years old. We also question the eligibility of more than $11.6 million disbursed to participating
jurisdictions for open activities that were more than five years old and showed evidence of
stalled performance that may have warranted their classification as terminated activities. The
balances associated with the old activities restricted participating jurisdictions from committing
and spending the funds on other eligible HOME activities in a timely manner or for reimbursing
the program for ineligible costs. The delay or failure to deobligate amounts when due caused an
overstatement of commitments in HUD’s information system and contributed to masking or
understating shortfalls that were subject to recapture by HUD. These situations occurred because
HUD had not adequately enforced efforts to require participating jurisdictions to close out old
fund balances in a timely manner and to support whether inactive or slow-moving activities
were, in effect, terminated activities. The balances indicated excessive delays by participating
jurisdictions in the completion of projects and/or closeout of funded activities. The portion of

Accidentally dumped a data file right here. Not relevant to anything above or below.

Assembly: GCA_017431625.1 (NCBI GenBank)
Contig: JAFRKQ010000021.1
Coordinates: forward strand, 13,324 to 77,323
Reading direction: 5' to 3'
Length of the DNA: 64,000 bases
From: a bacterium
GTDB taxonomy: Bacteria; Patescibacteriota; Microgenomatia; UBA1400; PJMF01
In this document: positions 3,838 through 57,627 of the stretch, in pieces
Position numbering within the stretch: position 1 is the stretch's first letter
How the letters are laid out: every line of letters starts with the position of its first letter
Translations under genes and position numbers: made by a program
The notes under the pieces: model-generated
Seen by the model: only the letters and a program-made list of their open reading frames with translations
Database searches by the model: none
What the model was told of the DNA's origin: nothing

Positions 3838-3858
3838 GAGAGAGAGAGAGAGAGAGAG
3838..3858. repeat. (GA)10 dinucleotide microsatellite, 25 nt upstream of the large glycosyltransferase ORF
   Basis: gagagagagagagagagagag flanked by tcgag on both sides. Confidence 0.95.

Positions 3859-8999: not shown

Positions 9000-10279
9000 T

the fund balances that are associated with old open subgranted activities would make it more
difficult for participating jurisdictions and HUD to avoid losing HOME funds subject to
recapture by the United States Treasury under provisions of Public Law 101-510 (see finding 3).


The $62 million for open activities and the $11.6 million in questioned costs consisted of:

       $7 million for 77 open activities with no fund draws since the activities were funded;

       $20.4 million for 436 open activities with no fund draws since 2006, plus more than $3.9
       million in questioned costs; and

       $34.6 million for 243 open activities with fund draws from 2007 to April 2009, plus more
       than $7.7 million in questioned costs, but the activities were not completed despite
       having been funded beyond HUD’s five-year regulatory disbursement requirement.

HUD officials acknowledged the problem with closing out open activities and commented that